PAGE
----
Enyel De Los Santos (RHP, PHI)
MLBA19 Prospect Grade: 7B
2019 aPQS Score (3GS): 2.67

Philadelphia's starting rotation looked quite solid at the beginning of the season, but with the recent demotion of Nick Pivetta to the minors and staff ace Aaron Nola sporting a 6.84 ERA through his first five starts, things now look a bit shakier than they once did. Enter De Los Santos [Ed.—Who actually got the callup between the deadline and publish date for this piece]. The 23-year-old sports a 2.81 ERA, 1.12 WHIP, and 13.5 Dom through his first three starts in Triple-A this spring after a tepid cup of coffee with the big league staff last September (4.71 ERA, 15 K, 8 BB across 19 IP mostly in relief). De Los Santos has a strong, durable build and a track record for raking up innings as a pro, eclipsing 120+ IP in three consecutive seasons, with a plus fastball that will sit around 92-96 mph (it maxed-out at 98.6 mph in 2018 according to Brooks Baseball). He's still more control than command at this point, and he struggles with locating his slider consistently, but he possesses a solid-average change-up that induces weak contact regularly at its best and gives him a second out-pitch with which to work. This isn't the highest-ceiling arm you'll find, but he has a high floor and doesn't come with a glaring weakness and should provide average Dom and rack up innings.

Mike Shawaryn (RHP, BOS)
MLBA19 Prospect Grade: 7C
2019 aPQS Score (4 GS): 3.50

A fifth-round pick back in 2016, Shawaryn (pictured above) climbed the minor-league ladder relatively quickly and reached Triple-A before the end of last season, a level at which he went 3-2, posted a 3.93 ERA, and notched a complete game shutout to cap off 2019. The University of Maryland product has done so on the back of a healthy ability to miss bats (9.7 Dom across 322 IP) while also filling the strike zone at an efficient rate (2.8 Ctl). Shawaryn's ceiling isn't sky-high, but he projects to have a good chance to be an average back-end starter with his repertoire. Working from a low 3/4 slot, the 24-year-old righty sits 89-92 mph with his fastball, reaching 94 mph on occasion, upon which he manipulates the action quite often. His mid-80s slider will flash plus late action and he shows quality feel for it against left-handed batters. His mid-80s change-up can feature hard fading action at times, which helps him further limit opposite-handed batters (.617 OPSa vL in 2018). Shawaryn has posted SwK% marks slightly above league-average in the IL, so expect him to miss bats at a near league-average mark once he's recalled, but temper your expectations, as he has been an extreme fly-ball pitcher and that could bring some risk with the profile playing half his games in Boston.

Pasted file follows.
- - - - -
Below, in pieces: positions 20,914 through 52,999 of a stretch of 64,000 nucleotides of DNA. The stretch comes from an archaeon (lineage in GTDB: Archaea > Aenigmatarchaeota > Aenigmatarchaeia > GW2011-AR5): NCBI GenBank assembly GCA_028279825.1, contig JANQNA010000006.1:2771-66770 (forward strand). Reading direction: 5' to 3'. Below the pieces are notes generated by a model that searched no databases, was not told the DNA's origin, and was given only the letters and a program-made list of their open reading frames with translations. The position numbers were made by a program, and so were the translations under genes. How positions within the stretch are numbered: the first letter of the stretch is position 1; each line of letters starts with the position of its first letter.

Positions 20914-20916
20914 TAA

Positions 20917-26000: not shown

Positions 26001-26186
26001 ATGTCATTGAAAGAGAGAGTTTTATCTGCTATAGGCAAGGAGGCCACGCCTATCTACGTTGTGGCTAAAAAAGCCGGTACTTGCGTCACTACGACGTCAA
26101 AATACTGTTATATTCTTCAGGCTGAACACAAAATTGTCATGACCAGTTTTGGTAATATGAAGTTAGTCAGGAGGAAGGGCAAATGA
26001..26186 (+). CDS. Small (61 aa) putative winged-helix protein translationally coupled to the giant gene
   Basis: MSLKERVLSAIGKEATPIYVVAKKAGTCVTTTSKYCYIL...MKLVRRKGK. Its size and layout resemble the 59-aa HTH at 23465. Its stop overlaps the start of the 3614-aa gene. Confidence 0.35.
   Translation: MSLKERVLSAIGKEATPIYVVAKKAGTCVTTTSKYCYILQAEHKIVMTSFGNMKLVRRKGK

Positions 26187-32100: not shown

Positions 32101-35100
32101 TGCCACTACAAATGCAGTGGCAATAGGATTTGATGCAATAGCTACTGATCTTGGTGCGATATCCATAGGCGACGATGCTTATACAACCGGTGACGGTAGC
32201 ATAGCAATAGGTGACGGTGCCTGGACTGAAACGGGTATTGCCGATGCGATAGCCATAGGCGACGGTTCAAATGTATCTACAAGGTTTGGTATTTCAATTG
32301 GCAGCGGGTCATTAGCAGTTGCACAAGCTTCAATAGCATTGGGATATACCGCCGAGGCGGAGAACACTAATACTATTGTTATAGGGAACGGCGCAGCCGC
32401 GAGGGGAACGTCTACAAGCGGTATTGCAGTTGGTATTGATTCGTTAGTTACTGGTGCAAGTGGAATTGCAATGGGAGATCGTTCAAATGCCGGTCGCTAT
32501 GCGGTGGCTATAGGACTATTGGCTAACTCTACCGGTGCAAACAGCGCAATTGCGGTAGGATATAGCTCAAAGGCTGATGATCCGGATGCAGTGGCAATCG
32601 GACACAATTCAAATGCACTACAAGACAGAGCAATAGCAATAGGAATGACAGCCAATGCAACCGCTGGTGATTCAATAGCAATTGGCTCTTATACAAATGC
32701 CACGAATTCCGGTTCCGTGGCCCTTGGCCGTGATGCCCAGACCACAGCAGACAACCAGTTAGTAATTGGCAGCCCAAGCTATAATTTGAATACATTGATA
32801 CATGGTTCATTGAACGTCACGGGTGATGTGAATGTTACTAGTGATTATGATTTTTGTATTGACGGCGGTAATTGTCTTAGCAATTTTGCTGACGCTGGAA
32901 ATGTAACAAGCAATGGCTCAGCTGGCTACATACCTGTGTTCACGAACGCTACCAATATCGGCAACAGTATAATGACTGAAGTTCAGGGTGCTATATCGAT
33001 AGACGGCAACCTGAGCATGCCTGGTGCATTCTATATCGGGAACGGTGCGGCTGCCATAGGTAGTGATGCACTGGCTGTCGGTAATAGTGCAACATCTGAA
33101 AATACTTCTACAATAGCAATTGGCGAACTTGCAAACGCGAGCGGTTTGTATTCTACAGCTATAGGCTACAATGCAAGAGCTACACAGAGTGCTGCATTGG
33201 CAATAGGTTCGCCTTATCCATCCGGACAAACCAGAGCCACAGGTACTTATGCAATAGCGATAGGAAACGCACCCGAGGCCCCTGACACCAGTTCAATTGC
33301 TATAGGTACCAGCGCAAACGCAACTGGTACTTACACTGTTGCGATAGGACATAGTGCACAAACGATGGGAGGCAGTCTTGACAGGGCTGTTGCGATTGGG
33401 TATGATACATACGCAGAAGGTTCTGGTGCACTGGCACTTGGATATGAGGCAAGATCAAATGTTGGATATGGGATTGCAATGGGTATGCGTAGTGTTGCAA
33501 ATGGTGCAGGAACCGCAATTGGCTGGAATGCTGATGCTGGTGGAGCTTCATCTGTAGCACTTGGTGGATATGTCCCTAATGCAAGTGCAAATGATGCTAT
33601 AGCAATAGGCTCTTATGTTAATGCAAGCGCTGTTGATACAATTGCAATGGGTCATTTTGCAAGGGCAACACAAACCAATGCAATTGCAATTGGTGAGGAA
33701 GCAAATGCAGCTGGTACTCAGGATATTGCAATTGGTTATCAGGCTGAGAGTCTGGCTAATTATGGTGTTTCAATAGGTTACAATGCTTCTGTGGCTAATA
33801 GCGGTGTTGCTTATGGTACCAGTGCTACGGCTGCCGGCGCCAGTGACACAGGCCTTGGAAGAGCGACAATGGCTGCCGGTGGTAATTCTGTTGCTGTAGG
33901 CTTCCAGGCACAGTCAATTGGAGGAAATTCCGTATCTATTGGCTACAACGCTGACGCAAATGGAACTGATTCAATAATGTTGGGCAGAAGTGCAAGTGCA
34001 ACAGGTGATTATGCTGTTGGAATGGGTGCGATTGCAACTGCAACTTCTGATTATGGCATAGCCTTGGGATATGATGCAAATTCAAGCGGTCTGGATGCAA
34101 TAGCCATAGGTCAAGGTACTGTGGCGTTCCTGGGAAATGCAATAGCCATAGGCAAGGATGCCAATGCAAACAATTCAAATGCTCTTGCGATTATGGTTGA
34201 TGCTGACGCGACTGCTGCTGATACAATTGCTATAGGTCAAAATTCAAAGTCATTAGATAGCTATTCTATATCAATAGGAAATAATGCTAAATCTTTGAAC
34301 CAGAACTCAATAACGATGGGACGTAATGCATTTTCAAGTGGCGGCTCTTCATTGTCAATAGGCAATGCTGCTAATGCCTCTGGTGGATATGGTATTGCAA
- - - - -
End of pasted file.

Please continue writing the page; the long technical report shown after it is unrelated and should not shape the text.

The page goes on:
Beau Burrows (RHP, DET)
MLBA19 Prospect Grade: 8C
2019 aPQS Score (4 GS): 2.50

The Tigers have been a pleasant surprise to this juncture, going 12-10 through April 23 with the assistance of their starting rotation, which owns a 3.13 ERA (second-lowest among AL teams). There's a likely chance that level of production will slip considering the personnel of the rotation, and when it does, the team will need to utilize its minor league depth for innings. Enter Burrows. The 22-year-old righty has started 2019 with 20 strikeouts in his first 19.1 innings across four starts, pitching to a 2.84 ERA at the same time. He's always had a natural ability to miss bats, but the upper minors have given him some fits and that has resulted in walk rates around 11% in Double-A (league average is roughly 8.7%). So far this season, though, he's chipped away at the walks (9.0% bb%) while maintaining a similar rate of whiffs. His arsenal is headlined by a plus fastball that he will run up to 97 mph and sit 92-95 with on a consistent basis. His curveball is his best secondary pitch and will flash above average depth, but will more of an average offering at the next level. Burrows' change-up has had moments of brilliance, but overall, still requires more consistency for success at the next level. Add up everything, and Burrows has the chance to be a solid-average mid-to-back-end starter with average Dom ability.

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  For more information about the terms used in this article, see our Glossary Primer.